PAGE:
For approved schools the applicant provided the building, a spinning mistress and the flax to spin. So long as there were 12 to 20 children to be taught, the Board supplied the school with spinning-wheels. In return the patron or patroness marketed the finished goods and was entitled to keep any profits from selling the yarn. For each child instructed the spinning mistress received 6s a year from the Board, while the child’s parents received 6d a week for his or her food and clothing. To obtain these payments the schoolmistress submitted a quarterly return sworn before the parish clergyman or a Justice of the Peace.

Furthermore, to prevent fraud, the itinerant man was expected to check on every school within his district once a quarter, varying the days of his visitation. He was to inspect the attendance register and note and discover the cause of any absences, for which deductions would be made, and he was to forward the register to the Board. This scheme had a built-in defect: it was in the interests of both parents and teacher to falsify the attendance roll. Children who could already spin were sent to or kept at school to get the child allowance and to augment the mistress’s salary, and there were many more complicated frauds than this simple arrangement.

Regulating a dispersed cottage industry, with no guild structure to fall back on, was difficult. Quality control involved not only the production of the linen but also its bleaching, with potential to injure the cloth. The bleaching season was from March to October and the bleachers were anxious to acquire a stock of webs for this period, during which the weavers were partly occupied in agricultural pursuits.

Early in the century the webs were boiled in a mixture of potash (barilla) and buttermilk - this was replaced by diluted sulphuric acid in the 1760s. Finally, the web was rinsed in cold water. Labour-saving wash mills, rubbing boards and beetling mills (to give the linen a glossy finish) appeared in the 1730s.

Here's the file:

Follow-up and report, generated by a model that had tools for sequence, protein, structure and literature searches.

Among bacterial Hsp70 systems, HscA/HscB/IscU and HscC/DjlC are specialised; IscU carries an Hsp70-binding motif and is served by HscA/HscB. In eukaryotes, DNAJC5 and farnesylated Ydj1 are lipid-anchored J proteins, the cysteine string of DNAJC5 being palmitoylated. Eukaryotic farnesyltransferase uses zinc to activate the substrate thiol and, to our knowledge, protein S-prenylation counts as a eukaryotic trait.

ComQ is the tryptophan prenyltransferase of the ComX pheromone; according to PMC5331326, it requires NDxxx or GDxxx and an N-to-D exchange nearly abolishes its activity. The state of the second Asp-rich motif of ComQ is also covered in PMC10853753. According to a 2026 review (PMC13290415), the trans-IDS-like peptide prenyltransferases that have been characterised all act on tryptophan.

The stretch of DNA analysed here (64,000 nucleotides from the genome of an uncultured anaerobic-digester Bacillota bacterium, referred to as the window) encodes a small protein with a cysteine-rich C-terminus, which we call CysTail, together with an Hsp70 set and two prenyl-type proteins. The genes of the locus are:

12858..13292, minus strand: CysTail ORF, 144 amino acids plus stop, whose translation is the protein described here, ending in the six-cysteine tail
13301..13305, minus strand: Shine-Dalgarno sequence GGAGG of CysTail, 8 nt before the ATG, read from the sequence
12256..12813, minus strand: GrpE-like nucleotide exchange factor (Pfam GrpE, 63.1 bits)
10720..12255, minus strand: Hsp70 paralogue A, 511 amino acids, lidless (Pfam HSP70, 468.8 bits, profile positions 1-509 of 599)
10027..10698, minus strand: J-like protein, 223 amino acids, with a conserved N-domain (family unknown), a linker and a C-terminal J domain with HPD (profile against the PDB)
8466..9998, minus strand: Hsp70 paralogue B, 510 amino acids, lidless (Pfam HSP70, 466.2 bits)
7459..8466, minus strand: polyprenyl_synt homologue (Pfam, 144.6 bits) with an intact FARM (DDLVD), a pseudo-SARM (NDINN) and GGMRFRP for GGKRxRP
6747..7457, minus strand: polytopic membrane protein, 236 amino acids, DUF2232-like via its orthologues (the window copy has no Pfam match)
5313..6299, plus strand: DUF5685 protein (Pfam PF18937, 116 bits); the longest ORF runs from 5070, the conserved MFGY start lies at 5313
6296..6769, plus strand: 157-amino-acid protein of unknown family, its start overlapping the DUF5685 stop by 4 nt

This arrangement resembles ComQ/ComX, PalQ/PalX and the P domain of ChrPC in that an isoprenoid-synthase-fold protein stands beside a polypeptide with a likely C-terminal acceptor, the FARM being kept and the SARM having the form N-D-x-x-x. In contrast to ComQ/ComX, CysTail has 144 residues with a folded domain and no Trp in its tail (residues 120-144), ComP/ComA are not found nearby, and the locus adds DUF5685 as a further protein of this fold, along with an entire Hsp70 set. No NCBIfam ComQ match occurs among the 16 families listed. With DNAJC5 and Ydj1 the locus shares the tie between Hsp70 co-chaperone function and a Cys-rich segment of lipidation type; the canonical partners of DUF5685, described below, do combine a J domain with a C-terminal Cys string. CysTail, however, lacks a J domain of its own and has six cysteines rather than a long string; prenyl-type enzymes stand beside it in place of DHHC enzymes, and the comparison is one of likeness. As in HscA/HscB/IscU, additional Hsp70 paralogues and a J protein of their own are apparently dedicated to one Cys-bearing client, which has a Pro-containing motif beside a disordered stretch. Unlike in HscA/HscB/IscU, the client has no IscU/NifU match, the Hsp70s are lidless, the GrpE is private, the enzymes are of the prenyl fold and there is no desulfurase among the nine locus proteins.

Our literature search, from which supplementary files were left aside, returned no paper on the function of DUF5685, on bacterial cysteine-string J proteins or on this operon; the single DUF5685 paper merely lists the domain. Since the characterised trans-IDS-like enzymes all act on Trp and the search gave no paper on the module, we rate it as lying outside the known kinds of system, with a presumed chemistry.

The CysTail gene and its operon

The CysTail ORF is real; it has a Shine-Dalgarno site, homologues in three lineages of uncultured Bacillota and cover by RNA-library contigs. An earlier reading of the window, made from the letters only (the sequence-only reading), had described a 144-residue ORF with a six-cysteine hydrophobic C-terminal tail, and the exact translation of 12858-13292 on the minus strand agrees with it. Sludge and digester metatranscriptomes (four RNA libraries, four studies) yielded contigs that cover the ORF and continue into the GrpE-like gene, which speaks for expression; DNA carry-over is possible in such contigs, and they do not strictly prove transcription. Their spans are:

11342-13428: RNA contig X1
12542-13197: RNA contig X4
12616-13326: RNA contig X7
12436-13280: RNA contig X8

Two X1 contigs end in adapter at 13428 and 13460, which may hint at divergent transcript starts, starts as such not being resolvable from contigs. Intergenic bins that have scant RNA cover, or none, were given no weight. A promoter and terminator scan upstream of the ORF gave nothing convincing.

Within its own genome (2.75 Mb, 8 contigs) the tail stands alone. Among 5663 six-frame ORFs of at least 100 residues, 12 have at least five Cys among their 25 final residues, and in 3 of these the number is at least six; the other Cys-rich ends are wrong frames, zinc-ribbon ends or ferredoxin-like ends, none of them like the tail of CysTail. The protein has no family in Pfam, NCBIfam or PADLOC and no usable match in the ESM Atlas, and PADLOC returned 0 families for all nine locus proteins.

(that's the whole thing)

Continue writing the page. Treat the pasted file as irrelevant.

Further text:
In both cultivation and preparation, flax was very labour-intensive and a task for the entire family. The ground required extensive preparation before flax could be sown, and when harvested it had to be hand-pulled by the roots. It was then soaked (retted) for about a fortnight in water-filled pits or dams to allow the fibres to be separated from the wooden core.

As it retted it filled the countryside with a distinctive smell. Water-powered scutching mills to separate the retted flax were known from the 1730s, but not widely used until the 1760s.

The Linen Board drew most of its income from three sources: the proceeds of certain customs and excise duties or their commutation, annual parliamentary grants, and special grants for specific non-recurring purposes. Its original income came, appropriately, from import duties on calico and linen. These produced about £1,600 p.a. and in 1719, 6 Geo. I, c. 7, they were augmented by the more lucrative duties on tea, coffee, chocolate and cocoa.

These, particularly the duties on tea and coffee, rose as the century progressed. Eventually they were commuted into an annual sum of £10,350 p.a. Income from the remaining duties was increased by a grant of the import duty on linseed oil and an export levy on untanned hides. In 1780 the bounty on imported flax-seed was similarly commuted for £7,250 p.a. The Board had other resources, as in 1723 parliament made a direct annual grant of £2,000 p.a., 10 Geo. I, c. 2.

A decade later this was augmented by a further £2,000 p.a., specifically earmarked for encouraging the lagging industry in Leinster, Munster and Connacht, 7 Geo. II, c. 10. One-off grants to the Linen Board included £3,000 in 1721-3 towards the cost of erecting the Linen Hall in Dublin, and a further £540 in 1741 to purchase ground for its expansion.